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Let's Make a Framework: OO Part 2

Alex R. Young

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Let's Make a Framework: OO Part 2

Posted by Alex R. Young on .
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tutorials frameworks web lmaf

Let's Make a Framework: OO Part 2

Posted by Alex R. Young on .

Welcome to part 3 of Let's Make a Framework wherein I discuss building
a JavaScript framework suited to both command line and web development.
This part completes the discussion of object oriented JavaScript
support. In the last part, Classes, Inheritance,
Extend
I talked
about Prototypal inheritance and classical object models. This part will
conclude the discussion, explaining more about how
turing.oo works, and will explore super().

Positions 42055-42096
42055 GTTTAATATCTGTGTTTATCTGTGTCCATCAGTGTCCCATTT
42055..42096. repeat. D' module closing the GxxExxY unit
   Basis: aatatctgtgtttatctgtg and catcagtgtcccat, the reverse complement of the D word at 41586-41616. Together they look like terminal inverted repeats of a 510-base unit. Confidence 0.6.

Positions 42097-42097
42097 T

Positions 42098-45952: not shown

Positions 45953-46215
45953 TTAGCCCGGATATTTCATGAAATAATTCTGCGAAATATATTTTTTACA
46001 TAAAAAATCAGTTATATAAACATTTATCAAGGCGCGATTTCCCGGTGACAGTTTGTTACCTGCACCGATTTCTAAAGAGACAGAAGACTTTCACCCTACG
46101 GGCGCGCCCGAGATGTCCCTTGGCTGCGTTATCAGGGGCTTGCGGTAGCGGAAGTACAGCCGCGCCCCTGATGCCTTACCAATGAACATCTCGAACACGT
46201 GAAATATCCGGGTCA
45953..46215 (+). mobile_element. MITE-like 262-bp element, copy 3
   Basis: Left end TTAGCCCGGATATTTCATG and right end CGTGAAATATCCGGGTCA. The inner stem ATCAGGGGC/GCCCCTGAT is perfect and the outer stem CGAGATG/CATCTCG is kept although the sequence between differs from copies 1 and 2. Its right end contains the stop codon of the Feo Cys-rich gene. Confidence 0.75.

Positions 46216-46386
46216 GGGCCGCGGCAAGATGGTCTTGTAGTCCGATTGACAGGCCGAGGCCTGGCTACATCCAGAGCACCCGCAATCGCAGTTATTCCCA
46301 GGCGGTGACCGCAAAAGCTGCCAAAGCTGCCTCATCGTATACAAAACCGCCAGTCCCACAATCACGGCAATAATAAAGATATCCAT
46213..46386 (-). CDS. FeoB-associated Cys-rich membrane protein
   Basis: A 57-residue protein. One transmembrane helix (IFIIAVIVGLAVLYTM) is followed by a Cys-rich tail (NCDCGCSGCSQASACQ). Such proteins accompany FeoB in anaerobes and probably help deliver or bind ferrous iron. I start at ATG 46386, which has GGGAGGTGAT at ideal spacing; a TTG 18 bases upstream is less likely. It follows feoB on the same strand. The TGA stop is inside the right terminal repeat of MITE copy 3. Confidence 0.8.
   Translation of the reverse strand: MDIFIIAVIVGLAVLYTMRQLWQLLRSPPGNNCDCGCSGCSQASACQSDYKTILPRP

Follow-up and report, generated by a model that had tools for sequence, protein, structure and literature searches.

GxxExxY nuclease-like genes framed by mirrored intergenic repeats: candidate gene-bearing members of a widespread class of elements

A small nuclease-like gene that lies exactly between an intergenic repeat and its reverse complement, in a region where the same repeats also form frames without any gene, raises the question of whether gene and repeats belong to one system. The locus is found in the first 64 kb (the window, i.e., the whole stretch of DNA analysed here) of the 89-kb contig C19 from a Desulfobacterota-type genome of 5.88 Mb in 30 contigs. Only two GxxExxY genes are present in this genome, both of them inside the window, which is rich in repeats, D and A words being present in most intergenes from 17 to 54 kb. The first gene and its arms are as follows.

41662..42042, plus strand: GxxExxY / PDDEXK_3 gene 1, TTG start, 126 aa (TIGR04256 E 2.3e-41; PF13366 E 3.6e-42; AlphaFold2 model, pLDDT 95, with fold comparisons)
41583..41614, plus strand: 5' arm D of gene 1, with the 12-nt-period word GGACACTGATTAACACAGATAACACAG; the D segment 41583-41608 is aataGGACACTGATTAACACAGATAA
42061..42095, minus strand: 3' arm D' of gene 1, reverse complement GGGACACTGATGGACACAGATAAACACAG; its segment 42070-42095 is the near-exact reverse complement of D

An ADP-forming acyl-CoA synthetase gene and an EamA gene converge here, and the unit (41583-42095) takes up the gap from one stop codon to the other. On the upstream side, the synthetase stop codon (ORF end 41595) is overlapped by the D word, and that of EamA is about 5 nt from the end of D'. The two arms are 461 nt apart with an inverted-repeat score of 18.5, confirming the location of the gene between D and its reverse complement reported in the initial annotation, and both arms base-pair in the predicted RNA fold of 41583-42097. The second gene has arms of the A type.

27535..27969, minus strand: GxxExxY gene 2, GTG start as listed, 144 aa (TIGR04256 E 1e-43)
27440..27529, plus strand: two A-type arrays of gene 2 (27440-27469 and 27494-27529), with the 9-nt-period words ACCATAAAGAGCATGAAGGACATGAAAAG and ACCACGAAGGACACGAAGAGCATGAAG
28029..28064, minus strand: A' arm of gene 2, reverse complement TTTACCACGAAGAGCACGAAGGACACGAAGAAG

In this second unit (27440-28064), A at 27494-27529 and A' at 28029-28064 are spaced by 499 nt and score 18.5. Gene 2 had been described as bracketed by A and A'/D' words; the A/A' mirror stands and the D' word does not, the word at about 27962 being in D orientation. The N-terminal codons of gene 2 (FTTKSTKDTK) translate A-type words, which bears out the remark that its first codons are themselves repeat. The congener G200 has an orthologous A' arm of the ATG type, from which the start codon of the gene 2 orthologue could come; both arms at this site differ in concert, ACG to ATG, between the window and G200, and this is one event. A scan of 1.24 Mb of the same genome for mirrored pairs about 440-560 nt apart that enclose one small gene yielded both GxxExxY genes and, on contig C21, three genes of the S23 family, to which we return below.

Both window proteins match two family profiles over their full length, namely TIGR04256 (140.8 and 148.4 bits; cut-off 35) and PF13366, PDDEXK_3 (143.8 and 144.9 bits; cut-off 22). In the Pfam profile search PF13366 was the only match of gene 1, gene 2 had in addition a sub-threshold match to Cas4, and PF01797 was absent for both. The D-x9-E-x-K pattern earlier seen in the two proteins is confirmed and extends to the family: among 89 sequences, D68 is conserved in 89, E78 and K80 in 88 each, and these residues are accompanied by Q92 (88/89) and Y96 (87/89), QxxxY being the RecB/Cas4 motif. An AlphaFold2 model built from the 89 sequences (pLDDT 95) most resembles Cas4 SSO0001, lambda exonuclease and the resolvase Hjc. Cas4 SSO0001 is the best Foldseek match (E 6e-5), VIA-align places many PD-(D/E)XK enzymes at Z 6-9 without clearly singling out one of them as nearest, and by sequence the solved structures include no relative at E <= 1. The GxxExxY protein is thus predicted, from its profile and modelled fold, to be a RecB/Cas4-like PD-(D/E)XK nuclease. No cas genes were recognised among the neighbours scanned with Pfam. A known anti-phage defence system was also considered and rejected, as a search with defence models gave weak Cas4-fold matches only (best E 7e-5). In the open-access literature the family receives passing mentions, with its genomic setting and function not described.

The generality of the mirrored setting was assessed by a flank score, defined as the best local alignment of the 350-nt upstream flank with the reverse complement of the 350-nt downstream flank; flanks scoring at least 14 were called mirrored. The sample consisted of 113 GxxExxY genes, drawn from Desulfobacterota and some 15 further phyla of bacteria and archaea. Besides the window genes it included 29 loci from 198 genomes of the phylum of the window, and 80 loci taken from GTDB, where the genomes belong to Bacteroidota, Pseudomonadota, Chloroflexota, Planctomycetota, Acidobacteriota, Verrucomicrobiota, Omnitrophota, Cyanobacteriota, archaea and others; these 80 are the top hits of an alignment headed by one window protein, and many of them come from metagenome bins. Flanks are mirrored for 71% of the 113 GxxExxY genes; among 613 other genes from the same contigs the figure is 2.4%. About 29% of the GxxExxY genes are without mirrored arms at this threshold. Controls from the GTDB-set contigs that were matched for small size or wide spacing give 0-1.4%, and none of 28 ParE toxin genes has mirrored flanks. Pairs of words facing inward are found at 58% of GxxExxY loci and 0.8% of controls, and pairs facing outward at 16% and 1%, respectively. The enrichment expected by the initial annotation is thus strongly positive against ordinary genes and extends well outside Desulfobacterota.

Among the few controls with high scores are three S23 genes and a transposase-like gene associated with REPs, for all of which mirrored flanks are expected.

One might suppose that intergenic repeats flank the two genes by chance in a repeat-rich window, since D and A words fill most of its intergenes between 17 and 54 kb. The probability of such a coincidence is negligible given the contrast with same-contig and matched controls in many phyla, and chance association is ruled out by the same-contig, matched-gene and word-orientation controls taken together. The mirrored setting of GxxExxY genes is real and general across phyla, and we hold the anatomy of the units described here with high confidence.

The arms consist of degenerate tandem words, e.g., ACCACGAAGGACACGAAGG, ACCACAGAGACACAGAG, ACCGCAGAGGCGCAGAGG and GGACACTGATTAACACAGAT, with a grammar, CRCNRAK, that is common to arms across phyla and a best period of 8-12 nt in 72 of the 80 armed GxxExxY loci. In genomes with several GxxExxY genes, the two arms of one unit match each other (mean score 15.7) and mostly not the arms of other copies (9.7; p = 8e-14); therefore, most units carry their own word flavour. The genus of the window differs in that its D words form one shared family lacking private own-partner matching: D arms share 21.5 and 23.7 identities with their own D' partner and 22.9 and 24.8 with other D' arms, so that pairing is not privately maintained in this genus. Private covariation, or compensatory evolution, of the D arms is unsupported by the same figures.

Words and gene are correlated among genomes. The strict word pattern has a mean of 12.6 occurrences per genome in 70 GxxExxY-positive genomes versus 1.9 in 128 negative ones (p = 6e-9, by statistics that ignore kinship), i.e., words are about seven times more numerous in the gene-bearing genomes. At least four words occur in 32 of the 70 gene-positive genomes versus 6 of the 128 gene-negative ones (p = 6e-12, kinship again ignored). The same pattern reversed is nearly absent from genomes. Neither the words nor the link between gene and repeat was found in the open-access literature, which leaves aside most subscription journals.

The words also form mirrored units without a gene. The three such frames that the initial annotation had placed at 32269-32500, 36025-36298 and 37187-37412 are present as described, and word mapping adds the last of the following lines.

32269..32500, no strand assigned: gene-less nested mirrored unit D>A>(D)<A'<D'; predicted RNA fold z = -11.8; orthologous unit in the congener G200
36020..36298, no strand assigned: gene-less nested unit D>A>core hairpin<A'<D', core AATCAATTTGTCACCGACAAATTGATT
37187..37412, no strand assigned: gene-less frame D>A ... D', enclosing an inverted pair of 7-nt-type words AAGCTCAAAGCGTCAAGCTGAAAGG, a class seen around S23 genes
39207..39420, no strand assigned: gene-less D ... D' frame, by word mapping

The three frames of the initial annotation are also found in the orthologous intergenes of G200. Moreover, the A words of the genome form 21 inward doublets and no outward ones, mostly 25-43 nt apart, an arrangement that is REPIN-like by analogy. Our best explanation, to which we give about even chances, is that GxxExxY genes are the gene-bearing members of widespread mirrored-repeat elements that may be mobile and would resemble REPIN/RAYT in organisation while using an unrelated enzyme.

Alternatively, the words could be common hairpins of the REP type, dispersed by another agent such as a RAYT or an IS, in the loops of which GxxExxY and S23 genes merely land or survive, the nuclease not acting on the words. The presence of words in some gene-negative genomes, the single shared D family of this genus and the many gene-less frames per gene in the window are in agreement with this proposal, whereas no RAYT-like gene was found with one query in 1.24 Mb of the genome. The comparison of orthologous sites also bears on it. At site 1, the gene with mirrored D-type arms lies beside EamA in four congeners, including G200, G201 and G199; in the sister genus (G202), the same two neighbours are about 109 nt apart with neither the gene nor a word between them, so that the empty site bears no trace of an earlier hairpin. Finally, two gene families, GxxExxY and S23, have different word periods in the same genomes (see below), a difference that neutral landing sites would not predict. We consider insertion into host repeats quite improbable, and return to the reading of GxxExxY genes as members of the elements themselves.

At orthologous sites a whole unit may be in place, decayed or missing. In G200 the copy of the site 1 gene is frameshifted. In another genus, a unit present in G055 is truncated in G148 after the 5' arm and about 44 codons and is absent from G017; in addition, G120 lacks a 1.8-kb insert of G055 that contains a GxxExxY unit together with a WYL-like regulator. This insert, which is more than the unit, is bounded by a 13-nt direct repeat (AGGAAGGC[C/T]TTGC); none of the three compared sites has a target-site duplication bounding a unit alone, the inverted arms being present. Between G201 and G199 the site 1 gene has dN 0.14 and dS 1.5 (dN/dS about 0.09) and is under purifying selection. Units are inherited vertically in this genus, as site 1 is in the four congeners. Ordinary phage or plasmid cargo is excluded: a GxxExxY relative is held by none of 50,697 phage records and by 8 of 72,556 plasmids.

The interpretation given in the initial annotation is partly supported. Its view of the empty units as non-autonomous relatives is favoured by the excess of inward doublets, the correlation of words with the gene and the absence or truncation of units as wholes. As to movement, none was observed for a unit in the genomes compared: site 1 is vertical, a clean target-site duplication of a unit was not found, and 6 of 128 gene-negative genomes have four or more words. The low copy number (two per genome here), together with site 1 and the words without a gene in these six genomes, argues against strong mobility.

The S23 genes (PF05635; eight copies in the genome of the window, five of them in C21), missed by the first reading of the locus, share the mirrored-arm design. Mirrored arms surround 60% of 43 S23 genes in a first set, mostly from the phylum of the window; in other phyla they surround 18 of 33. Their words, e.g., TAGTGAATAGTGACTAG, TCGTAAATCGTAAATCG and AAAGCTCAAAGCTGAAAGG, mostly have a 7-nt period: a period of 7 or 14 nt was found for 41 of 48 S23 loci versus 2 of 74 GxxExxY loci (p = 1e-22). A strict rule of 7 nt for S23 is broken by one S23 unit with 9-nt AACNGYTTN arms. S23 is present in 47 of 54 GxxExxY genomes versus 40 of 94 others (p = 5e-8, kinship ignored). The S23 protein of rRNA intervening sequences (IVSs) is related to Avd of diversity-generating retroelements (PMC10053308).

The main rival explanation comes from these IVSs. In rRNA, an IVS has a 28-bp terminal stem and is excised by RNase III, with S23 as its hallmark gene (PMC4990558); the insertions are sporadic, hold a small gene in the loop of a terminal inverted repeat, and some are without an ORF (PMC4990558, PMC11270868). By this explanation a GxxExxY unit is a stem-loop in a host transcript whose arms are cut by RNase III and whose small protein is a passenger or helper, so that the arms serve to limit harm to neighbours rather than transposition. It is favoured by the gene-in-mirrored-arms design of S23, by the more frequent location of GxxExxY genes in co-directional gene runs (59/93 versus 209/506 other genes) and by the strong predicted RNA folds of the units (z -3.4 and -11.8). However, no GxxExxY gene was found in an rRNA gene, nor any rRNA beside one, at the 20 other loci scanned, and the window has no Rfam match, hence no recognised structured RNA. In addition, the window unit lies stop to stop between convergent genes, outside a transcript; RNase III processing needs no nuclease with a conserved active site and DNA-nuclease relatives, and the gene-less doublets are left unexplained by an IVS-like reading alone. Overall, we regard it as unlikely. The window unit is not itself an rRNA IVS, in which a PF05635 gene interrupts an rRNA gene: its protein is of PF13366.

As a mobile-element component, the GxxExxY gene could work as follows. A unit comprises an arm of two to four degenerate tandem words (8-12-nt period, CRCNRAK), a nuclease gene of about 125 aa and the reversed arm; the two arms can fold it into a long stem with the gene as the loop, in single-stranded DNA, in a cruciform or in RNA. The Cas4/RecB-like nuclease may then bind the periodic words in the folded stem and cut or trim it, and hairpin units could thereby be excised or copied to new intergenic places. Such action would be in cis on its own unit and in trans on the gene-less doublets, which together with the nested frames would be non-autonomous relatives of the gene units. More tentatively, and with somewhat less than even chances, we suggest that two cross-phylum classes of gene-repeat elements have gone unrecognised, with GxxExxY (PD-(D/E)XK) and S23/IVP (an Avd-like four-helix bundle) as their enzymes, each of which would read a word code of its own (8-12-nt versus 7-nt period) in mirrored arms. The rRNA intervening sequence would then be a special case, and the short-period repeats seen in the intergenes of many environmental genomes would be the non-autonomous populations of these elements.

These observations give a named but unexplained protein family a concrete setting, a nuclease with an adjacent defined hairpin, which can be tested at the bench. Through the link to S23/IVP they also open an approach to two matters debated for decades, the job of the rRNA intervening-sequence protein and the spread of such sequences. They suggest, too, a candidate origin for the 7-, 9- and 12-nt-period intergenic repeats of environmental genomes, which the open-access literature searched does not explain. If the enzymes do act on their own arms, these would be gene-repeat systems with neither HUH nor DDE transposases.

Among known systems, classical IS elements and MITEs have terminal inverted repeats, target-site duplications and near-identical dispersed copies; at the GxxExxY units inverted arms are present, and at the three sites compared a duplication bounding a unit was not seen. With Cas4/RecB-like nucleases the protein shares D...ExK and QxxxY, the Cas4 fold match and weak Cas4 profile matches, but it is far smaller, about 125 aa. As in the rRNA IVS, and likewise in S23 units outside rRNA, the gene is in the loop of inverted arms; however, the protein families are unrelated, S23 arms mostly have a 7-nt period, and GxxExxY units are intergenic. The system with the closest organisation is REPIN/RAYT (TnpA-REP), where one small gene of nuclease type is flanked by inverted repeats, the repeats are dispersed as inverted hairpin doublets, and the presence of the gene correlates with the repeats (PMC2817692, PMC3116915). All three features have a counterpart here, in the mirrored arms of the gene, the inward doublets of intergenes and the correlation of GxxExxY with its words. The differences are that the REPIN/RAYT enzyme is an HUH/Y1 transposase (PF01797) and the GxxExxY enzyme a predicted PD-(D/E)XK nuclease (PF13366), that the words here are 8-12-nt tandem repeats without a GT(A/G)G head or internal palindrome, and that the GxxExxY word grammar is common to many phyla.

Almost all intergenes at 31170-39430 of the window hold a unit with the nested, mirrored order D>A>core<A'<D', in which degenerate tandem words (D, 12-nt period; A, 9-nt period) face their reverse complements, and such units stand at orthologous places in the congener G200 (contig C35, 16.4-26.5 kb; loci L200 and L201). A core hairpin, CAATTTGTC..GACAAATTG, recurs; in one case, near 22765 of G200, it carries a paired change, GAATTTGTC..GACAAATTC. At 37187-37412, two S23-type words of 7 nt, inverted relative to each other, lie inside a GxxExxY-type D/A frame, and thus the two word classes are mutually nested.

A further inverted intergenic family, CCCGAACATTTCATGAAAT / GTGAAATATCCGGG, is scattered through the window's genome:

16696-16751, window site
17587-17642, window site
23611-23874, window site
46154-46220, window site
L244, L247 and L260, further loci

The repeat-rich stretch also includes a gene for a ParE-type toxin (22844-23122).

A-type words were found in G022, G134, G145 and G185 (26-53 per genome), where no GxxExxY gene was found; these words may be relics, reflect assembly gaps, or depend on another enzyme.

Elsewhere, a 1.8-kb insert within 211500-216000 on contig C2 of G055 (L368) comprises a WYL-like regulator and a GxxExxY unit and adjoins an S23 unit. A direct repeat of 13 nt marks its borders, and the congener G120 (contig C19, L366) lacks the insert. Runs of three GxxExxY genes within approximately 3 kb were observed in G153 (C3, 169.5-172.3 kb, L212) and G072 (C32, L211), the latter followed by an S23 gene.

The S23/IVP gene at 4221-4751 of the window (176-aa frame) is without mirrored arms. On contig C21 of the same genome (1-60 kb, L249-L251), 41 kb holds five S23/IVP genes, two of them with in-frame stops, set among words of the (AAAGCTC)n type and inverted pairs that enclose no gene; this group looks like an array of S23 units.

If you haven't been following along, I've been tagging these articles
with lmaf so you can find them. The
project we're creating is called Turing and is available on GitHub:
turing.js.

Class Creation in More Depth

Last week I was parading around initialize as if you were
intimately familiar with prototype.js or Ruby. I apologise for that. In
case I confused you, all you need to know is initialize is
our way of saying call this method when you set up my class.

Turing's Class.create method sets up classes. During the
setup it defines a function that will be called when the class is
instantiated. So when you say new, it will run
initialize. The code behind this is very simple:

  create: function() {
    var methods = null,
        parent  = undefined,
        klass   = function() {
          this.initialize.apply(this, arguments);
        };

I sometimes feel like apply is magical, but it's not really
magic in the negative programmer sense of the word -- it doesn't hide too much from you. In this case it just calls your
initialize method against the newly created class using the
supplied arguments. Again, the arguments variable seems
like magic... but that's just a helpful variable JavaScript makes